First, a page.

The lecture, or in clinical settings the lecture-demonstration, is fundamentally a continuous and coherent talk from the teacher to the students. It may be organized around a presentation of a patient (as in a Grand Rounds) with the lecturer bringing out salient clinical facts from the examination of the patient and then expanding on what these features represent for diagnosis and treatment. Other lectures may be efforts at distilling information found in books and periodicals to make them more accessible and comprehensible.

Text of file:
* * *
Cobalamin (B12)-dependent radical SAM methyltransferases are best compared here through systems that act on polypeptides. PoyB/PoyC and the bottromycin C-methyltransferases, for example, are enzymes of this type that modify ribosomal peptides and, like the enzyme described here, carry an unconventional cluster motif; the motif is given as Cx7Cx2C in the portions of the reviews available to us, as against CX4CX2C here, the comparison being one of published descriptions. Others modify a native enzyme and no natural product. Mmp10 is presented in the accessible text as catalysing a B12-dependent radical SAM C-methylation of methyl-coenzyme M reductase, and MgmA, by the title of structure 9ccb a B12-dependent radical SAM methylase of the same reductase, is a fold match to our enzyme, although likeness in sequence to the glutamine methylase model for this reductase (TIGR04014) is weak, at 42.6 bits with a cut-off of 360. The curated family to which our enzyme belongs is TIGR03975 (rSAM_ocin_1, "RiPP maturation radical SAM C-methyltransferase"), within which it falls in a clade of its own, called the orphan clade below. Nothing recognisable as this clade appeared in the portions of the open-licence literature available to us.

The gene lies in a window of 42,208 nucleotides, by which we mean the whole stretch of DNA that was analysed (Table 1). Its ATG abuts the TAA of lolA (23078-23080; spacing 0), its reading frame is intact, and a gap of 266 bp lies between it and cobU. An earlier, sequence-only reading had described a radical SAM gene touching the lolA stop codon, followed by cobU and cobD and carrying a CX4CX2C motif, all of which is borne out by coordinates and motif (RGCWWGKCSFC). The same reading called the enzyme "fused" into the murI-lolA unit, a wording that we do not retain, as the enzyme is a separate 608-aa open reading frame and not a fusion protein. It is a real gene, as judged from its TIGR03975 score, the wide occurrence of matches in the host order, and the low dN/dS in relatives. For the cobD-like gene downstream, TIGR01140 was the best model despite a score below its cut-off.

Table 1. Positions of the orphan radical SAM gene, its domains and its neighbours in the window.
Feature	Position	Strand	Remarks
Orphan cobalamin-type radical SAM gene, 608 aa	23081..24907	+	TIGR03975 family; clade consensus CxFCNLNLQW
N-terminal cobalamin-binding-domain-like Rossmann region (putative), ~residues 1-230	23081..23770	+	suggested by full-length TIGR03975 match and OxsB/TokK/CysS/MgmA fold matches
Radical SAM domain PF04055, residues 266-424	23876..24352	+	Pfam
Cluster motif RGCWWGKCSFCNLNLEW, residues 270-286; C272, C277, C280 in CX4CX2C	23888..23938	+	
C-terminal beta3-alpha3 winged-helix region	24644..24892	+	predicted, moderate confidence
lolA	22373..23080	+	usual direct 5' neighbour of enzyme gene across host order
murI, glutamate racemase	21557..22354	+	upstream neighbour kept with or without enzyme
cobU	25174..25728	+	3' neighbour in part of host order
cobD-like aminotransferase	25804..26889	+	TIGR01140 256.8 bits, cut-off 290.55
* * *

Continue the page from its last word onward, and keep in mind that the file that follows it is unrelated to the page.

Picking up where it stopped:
A lecture is not a conversation to be broken into at random moments by the listeners but rather a presentation of ideas by someone who has thought them through and needs uninterrupted time to present with clarity. The time for discussion is after the lecture is finished. 'The essence of this kind of teaching, and its purpose, are a steady flow of information going from the teacher to the pupils'.(6) Indeed, a lecture is a personal presentation of a set of facts and opinions. Because any lecture must be a relatively brief presentation it cannot be encyclopaedic, but it should be a pedagogical whole resting upon the lecturer's point of view about what is most important. For psychiatrists lectures represent the best means for delivering broad-ranging facts and opinions. Lecturers can present in a brief span of time those general principles which would take a beginner much effort to gather on his or her own.
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